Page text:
Cloud computing is the buzz word that will not go away, no matter how many times sceptics try to swat it as it swarms in the air.
While the cloud has been something of a pipe dream for many years, recent improvements in connectivity and a wealth of providers have allowed for an explosion in the adoption of this type of technology in the business market.
Software as a service (SaaS) is a particularly powerful asset of the cloud, allowing companies to invest in scalable, flexible solutions that are also affordable and not limited by on-premises hardware.
Meanwhile, consumers are becoming more accustomed to using cloud services, even if they may not be aware that they fall into this particular category.
Bearing the Load
Load testing tools, which are designed to put a system through its paces and check for weaknesses before it is fully implemented, are arguably a natural fit for the cloud, which is why a number of firms have emerged to fill this niche.
Interestingly, it is also becoming apparent that you need to carry out load testing to establish the capabilities and limits of cloud platforms themselves, with firms such as Apica rolling out recent solutions which target this area of the market.
The cloud is regularly touted as offering near-infinite flexibility for its users, but of course there are physical limits to what can be achieved and probing the edges of a cloud platform’s capacity will allow providers to work out what promises they can make to customers without risking a backlash.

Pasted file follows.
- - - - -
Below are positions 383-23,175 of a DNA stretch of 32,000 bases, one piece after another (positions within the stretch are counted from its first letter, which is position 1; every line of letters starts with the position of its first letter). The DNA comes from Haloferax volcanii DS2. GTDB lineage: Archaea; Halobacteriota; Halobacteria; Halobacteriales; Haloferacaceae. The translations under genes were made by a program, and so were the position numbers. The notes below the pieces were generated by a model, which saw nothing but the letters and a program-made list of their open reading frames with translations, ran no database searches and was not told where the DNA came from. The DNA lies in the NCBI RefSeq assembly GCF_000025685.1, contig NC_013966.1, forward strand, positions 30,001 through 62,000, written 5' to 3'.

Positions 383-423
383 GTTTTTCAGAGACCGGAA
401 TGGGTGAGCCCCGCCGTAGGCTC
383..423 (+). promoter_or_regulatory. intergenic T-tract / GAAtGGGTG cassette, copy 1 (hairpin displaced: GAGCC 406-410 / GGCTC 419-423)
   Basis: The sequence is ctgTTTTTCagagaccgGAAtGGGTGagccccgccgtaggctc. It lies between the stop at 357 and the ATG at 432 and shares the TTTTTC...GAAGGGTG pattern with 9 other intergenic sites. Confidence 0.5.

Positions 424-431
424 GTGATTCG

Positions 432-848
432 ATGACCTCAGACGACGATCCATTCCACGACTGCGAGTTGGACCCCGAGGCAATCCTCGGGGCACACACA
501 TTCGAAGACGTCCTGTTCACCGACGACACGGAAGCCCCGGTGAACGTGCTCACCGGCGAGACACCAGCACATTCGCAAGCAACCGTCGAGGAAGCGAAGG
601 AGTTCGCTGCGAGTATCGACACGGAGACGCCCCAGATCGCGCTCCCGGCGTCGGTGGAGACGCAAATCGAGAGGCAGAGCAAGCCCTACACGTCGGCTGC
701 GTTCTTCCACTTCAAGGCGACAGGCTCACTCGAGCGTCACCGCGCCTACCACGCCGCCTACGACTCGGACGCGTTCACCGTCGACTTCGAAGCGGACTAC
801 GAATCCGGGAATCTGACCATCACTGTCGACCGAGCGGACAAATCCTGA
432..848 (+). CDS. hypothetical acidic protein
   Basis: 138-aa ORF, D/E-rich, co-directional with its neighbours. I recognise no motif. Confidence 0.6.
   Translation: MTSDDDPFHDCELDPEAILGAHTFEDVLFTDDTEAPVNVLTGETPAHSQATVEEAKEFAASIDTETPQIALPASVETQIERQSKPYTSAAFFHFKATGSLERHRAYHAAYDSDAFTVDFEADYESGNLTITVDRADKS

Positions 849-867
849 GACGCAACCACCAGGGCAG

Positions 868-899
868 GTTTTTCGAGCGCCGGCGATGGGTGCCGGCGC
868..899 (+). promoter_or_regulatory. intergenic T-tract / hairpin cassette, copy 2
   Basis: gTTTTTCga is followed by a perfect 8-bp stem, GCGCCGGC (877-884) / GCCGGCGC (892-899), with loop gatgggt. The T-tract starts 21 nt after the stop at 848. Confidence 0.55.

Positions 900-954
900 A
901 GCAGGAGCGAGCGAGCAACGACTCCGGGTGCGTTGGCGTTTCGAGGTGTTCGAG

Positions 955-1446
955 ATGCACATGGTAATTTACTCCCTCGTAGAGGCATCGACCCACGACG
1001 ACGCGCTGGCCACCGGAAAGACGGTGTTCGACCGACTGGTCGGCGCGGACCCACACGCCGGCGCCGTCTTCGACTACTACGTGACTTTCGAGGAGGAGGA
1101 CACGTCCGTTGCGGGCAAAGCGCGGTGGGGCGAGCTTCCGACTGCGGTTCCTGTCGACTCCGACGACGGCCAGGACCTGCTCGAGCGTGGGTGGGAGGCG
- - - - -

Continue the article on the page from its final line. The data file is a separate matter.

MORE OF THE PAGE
This ultimately results in a situation in which cloud networks of interconnected data centres are being used to test other networks with similar infrastructure arrangements.
The cloud is a complicated and malleable beast, although outages occurring over the course of 2012 have shown that it is not infallible. Even major providers such as Amazon have experienced downtime due to inclement weather, so the prospect of DDoS attacks and other manmade disasters should also be accounted for in testing.
It is easier for cloud critics to be vocal if they have ammunition in the form of specific examples, which indicate a failure in a platform. With proper load-testing tools targeted at the cloud that can actually stretch it, this can be avoided.
Do you consider yourself a cloud evangelist or are you a little more cautious in your approach to this type of IT technology?
Phil Easton is a clouding-computing and software specialist writing a variety of articles on behalf of reflective.com.